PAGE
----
Are You Managing Legal Spend or Merely Paying Bills?
That headline is the ultimate question we want to help you answer, but it’s the wrong place to start for a few reasons.
For one, it’s kind of an intimidating question to ask someone we’ve only just met. But even if we put our manners aside for a moment, it would still be an impossible question to answer without a full understanding of how managing legal spend differs from merely paying bills.
So let’s solve both problems by breaking the conversation down into a series of smaller questions. That way we can clearly define the two contrasting approaches and gradually reveal where your team stands.
Do you have documented legal billing guidelines?
Every legal department has a unique perspective on what acceptable outside counsel billing practices look like. Only a limited portion, however, convert their personal opinions into explicit guidelines that can be objectively enforced.
Expert legal spend managers will provide their law firms with written confirmation of:
- Which tasks and activities are valid billable services
- Which services require additional authorization
- Which timekeeper(s) should perform certain services
- How invoices should be prepared and submitted
The less clarity you create surrounding these topics, the more likely you are to find yourself merely paying bills. Because as you leave your legal billing guidelines open to a wider range of possible interpretations, it becomes harder to identify, challenge, and resolve every invalid expense.
Do you have defined budgets?
Every management strategy needs an objective, a plan, and a method for measuring progress. The primary objective of legal spend management is to prevent costs from exceeding predetermined thresholds, otherwise known as budgets.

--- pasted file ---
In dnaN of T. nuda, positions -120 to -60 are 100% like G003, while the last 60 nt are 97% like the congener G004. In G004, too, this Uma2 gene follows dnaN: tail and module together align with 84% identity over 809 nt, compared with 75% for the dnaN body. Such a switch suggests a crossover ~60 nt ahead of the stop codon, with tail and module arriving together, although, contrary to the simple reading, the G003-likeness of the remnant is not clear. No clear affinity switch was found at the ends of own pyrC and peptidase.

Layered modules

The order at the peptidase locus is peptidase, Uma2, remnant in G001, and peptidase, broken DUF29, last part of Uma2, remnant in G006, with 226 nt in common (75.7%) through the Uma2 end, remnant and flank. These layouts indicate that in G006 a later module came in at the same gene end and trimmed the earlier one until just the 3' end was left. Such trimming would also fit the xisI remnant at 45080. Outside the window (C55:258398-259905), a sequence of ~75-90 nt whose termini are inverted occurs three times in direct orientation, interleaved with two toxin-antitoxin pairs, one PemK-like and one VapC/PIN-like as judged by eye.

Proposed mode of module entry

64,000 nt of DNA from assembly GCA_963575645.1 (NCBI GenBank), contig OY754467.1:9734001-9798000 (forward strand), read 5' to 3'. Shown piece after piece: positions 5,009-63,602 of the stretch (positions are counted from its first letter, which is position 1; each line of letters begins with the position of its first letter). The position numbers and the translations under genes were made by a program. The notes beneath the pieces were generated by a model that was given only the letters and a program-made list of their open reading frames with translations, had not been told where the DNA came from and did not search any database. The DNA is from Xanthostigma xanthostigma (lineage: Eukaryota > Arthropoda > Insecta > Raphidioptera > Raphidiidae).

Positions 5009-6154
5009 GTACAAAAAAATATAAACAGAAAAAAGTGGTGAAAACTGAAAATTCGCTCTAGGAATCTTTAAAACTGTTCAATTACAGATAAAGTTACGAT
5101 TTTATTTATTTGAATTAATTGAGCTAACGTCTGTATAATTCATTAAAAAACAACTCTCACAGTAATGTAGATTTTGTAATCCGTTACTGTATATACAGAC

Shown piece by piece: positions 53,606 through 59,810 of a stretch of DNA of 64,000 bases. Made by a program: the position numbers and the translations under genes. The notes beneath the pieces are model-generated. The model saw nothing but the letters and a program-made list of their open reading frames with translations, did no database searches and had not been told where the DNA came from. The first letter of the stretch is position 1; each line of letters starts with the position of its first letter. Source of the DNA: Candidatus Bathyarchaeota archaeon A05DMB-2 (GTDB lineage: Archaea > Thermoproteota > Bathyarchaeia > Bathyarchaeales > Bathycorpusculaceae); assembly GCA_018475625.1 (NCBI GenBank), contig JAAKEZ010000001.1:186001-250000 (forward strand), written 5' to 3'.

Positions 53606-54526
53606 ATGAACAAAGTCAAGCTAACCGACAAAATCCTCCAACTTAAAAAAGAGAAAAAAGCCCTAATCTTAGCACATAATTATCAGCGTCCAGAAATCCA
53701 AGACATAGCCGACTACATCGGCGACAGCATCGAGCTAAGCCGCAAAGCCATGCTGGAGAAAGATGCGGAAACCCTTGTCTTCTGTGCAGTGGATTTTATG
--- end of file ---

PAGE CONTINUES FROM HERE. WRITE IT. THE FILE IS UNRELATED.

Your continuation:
Any in-house legal team operating without these financial targets is merely paying bills. Whether or not their organization is satisfied with the sum of those bills is a separate matter.
For example, executives may be delighted to learn at year’s end that expenses decreased 10% annually. But the absence of any specific objective at the start would still make legal spend management a misnomer.
It’s also important to separate budget planning from budget compliance. Corporate legal services are a notoriously unpredictable cost category and overspending initial estimates sometimes becomes a strategic imperative. But the occasional overrun doesn’t diminish the value of financial forecasting as a practice.
Managing legal spend means you’ve analyzed the data and initiated the conversations required to set the most credible target possible. (And this simple act of naming a number remains one of the most powerful accountability measures available.)
Do you proactively discuss resourcing plans?
Engaging outside counsel always involves a certain degree of deference. You’re acknowledging their superior subject matter expertise and implicitly trusting their legal opinions. But that humility shouldn’t necessarily extend to the topic of service delivery.